Every slightly nerdy, non-athletic kid in the schoolyard needs a friend like this to keep the bullies away. These four geographical features are like the bullies on the playground, forming obstacles between Israel and its goal of getting from Egypt to the promised land of Canaan. The Reed Sea and the Jordan River are the first and last obstacles to cross; in between, the trek through the Sinai and its hills and mountains, including Mount Sinai, makes for a difficult journey. Generations later, Isaiah declares that God “will make all My mountains a road, and My highways shall be built up” in order to ease Israel’s journey from Babylon back to Israel. We might imagine that the geographical features blocking Israel’s passage through the wilderness are worried that God will pave them over, so they are parting and skipping to get out of the way.

The spiritual challenge is to see underneath the bluster of the bully to find his positive characteristics. Most bullies are motivated by fear and insecurity. They bully others to elevate themselves in their own eyes. Take away the fear and insecurity and you can find a potential friend hiding inside. The sea is a source of food. The river is a source of water. Animals graze on hills. Torah comes from the mountaintop. The skipping of the mountains and hills can be playful and full of joy. God can change the heart of the bully, and he can become your friend.

Psalm 113

He sets the childless woman among her household as a happy mother of children. (113:9)

On Rosh Hodesh (the new month), Festivals, and Hanukkah, the prayer service is supplemented by a set of six Psalms known as Hallel, beginning with Psalm 113 and continuing through Psalm 118. The Psalmist speaks of celebration and thankfulness, particularly the joy that comes from emerging from a period of suffering or stress. By no means will every childless couple seeking to conceive find their prayers answers, nor will every needy person be lifted out of crisis. Those who find themselves in a financial hole, through hard work and a good attitude and a willingness to make sacrifices, will very likely find themselves in a more secure place. However, no amount of good spirits and sacrifice will necessarily help the couple suffering infertility who cannot afford the expense of medical intervention or adoption. Nonetheless, the Psalmist believes that it is still possible for such a couple to find happiness. Of those whose hearts ache with the lost opportunity to raise a child in their home, some will find that happiness with nieces and nephews. Some will be teachers. Some will serve the community by leading youth services or coordinating youth group activities.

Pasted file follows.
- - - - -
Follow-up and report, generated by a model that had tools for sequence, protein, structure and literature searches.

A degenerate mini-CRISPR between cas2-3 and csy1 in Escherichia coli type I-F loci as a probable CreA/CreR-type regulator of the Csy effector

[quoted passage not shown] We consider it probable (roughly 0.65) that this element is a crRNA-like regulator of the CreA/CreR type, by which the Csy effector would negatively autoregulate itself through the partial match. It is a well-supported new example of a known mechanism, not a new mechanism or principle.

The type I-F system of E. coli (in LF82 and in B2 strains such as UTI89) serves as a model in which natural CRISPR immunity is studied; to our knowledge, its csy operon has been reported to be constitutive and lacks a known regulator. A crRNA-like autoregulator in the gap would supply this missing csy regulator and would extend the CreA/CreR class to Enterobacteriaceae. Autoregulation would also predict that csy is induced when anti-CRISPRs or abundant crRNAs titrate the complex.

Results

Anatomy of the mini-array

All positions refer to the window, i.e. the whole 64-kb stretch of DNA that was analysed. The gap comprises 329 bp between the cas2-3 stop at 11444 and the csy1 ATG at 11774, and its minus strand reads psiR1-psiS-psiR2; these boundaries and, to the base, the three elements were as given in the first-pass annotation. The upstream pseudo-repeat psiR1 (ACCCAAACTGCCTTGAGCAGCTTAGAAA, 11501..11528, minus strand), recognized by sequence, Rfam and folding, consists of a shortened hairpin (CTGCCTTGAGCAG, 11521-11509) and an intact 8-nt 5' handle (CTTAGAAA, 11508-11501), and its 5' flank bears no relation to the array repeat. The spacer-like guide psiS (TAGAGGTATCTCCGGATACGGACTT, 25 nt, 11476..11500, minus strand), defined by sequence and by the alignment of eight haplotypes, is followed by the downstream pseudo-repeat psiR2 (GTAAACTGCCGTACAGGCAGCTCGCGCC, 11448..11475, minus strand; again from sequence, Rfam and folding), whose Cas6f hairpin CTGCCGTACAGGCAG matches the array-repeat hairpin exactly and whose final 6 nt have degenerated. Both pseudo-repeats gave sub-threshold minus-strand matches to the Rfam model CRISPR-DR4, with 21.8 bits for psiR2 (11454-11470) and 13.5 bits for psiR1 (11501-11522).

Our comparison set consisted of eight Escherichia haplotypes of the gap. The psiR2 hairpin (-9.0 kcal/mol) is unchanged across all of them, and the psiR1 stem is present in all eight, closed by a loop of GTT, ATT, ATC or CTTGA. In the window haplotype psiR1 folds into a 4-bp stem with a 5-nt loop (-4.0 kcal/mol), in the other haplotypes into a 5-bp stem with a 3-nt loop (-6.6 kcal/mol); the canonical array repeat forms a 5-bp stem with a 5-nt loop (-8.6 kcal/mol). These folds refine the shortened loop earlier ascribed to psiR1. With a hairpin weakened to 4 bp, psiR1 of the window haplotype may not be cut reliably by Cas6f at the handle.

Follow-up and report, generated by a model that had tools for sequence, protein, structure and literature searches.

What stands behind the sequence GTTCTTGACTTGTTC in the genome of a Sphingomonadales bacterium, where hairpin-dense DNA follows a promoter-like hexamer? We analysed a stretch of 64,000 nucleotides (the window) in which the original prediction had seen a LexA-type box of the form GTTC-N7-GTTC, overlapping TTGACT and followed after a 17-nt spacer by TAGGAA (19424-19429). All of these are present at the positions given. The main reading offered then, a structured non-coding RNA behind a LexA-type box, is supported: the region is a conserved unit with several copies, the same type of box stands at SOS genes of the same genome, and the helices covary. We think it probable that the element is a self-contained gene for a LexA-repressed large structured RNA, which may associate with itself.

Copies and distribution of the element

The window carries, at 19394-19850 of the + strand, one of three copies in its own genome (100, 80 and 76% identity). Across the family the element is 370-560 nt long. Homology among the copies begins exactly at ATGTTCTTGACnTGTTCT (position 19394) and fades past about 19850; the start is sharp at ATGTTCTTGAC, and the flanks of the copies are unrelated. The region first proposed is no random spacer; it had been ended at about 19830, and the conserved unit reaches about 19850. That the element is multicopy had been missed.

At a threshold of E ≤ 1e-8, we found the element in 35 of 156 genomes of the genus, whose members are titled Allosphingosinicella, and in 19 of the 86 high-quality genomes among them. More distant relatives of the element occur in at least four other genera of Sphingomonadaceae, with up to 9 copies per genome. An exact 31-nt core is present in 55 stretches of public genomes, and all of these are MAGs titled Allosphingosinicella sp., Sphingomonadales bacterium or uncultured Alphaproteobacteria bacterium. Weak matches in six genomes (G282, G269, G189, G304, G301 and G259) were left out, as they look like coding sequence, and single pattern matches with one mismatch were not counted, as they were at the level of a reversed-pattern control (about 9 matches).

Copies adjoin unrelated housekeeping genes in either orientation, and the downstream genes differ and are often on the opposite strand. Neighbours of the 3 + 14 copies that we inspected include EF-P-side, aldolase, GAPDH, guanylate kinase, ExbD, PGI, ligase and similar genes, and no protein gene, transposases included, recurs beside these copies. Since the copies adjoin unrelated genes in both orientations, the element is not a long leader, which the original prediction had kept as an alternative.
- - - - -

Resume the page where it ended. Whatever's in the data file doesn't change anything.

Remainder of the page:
Jewish tradition says that one who teaches and guides a child towards responsible maturity is a parent to that child. This is not meant to be a facile response to those mourning infertility, nor should our verse be read as a promise that if you have enough faith, God will miraculously wave away your inability to conceive. For some, childlessness is a medical condition that no amount of prayer can cure. However, I hope that our Jewish community treats such people with sensitivity and compassion and our Psalmist has faith that such couples can eventually find their way to happiness.

Psalm 112

October 5

Happy is one … who is ardently devoted to God’s commandments. (112:1)

There are no guarantees of happiness in this world. Making the most money or acquiring the best ‘toys’ won’t do it, but studies have shown that those who spend time serving others tend to be happier than those who live self-centered lives.